It's a great way to spend the day. The smiles, but also the earnestness on these young faces is way more uplifting and rewarding than giving or receiving fattening chocolate or dead flowers.

Props to the organizers and to all who came out to:

Rise! Disrupt! Connect!

One Billion Rising Berlin
One Billion Rising International

B&H Video Shoot

Last summer, I was in New York shooting Street Style Lab 2016

When I was there, I was asked by B&H if they could do a video with me about B-Boy Photography. I was stoked of course. I was able to persuade three dope cats to go with me on a photo shoot under the Brooklyn Bridge:

Jade of Jade’s Hip Hop Academy from Toronto and Judi Lopez both from Toronto, and B-Boy Y-Not of legendary Rock Steady Crew from Philly and

B-Girl Mantis also came out to shoot. She’s awesome! Does anybody have her contact? FB? Can’t seem to find it.

My partner in crime, Martha Cooper, accompanied us and took some great “behind the scenes” photos. 

I was a bit nervous and am rambling a bit, but I think B&H did a great job with the video.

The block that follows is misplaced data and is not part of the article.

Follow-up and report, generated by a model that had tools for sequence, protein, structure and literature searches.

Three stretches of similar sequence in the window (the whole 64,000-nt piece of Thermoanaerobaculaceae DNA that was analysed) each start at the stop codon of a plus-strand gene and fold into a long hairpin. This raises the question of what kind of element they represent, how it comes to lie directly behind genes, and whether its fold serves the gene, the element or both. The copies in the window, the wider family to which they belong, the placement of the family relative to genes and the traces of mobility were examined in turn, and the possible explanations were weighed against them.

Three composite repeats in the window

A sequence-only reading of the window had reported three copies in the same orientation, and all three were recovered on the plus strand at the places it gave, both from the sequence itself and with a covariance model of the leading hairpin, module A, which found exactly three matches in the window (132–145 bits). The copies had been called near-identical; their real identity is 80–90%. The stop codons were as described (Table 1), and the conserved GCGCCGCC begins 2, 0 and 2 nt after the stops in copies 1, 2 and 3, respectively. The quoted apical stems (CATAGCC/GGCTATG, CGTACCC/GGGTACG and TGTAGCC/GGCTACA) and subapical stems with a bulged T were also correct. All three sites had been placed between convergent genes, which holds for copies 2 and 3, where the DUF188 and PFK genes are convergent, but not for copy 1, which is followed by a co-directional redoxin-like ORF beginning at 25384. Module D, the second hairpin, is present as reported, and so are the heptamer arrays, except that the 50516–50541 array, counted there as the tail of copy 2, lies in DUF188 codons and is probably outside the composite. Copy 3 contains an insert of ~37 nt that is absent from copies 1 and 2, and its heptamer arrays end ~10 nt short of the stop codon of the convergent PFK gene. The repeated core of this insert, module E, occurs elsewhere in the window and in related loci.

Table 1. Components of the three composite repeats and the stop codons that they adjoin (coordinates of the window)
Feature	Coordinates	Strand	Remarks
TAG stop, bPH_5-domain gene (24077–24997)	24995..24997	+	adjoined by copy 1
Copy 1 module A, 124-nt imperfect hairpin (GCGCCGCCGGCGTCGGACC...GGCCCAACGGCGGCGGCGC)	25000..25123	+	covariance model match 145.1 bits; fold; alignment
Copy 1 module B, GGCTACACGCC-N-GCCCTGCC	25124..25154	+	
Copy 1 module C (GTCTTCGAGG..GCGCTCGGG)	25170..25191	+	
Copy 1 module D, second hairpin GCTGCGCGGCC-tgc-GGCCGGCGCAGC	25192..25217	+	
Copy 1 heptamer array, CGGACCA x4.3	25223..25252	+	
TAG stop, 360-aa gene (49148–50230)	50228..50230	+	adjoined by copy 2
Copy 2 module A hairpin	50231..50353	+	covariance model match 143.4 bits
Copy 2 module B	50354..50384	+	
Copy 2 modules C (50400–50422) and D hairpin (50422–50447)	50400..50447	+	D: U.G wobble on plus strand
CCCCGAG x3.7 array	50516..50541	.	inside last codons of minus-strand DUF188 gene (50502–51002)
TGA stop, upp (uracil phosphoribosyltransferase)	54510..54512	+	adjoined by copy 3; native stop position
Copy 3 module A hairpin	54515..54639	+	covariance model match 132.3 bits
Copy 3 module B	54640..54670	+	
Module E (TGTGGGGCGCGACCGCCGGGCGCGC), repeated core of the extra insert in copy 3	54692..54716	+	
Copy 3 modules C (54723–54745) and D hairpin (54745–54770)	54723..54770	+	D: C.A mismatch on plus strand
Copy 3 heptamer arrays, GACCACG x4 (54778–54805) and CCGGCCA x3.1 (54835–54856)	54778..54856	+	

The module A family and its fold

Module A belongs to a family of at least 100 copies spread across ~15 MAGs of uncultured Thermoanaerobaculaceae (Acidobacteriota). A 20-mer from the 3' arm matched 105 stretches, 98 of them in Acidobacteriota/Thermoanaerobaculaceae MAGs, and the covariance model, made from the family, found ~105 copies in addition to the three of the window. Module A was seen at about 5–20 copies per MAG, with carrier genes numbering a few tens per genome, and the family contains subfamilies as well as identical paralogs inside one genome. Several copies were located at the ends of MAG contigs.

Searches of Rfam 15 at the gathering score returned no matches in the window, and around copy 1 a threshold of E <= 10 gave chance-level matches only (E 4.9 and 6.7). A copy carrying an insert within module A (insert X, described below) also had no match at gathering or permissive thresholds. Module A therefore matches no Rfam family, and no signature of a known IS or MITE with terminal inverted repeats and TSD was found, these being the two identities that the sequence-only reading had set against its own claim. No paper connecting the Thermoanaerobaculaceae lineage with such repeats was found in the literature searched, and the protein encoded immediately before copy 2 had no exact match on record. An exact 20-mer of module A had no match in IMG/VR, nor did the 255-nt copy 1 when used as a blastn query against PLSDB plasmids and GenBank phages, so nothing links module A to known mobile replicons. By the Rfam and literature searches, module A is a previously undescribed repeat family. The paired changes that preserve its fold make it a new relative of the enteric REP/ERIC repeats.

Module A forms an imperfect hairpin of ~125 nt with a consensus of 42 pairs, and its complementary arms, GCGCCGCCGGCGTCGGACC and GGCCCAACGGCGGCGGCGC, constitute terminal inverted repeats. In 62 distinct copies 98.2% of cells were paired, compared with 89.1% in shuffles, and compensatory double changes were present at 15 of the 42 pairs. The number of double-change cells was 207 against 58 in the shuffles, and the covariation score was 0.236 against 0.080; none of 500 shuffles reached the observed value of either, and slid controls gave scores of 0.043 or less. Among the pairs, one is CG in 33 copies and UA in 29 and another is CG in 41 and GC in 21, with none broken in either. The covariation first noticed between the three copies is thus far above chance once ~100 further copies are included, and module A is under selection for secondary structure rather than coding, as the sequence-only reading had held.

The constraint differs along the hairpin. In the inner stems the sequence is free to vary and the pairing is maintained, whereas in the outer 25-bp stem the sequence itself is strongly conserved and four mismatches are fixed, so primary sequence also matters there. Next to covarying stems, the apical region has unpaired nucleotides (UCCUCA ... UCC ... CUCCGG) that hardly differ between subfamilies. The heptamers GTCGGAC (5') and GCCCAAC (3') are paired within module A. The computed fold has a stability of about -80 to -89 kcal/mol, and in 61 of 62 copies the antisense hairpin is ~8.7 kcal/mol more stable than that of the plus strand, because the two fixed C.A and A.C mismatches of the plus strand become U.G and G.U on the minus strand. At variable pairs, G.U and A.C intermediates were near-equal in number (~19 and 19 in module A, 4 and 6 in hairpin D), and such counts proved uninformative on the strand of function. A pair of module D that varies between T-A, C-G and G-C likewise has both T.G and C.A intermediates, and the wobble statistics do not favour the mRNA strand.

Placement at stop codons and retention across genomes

Also check out the photos from the shoot. I was lucky to have clear blue skies and very talented artists.

Thanks to B&H, Jade, Judi, Mantis, Y-Not and Marty! I had a blast!

Special Props to Jessica Lugo! You made it happen girl!

Thanx for the opportunity!



photo by Martha Cooper

Baila Cuba!

I love my life as a sports and dance photographer. I get to work with super inspiring people and travel the world. Yes, I really do have the best job in the world!

It was such an honor to work with all these dancers on my Red Bull Photography project: ¡Baila Cuba! Documenting different Cuban dance forms in the beautiful city of Havana. I spent two months in Cuba in 2015 and worked with over a hundred people on this project. The most elaborate production I’ve done with photography so far.

It was an amazing adventure, but it wasn’t always easy and I couldn’t have done it without the help of my friends, Anna and Andreas, who really worked their little tails off in blistering heat and pouring rain. Thank you guys!

I also want to thank El Central Productions, who shot the making-of video and all the people taking part in this project. It was a beautiful experience and you all inspired me very much. Most of all, big phat shout-out to the people at Red Bull Photography who gave me the chance to realize my ideas. You guys rock!

I learned a lot on this project and am ready for more!

Peace out!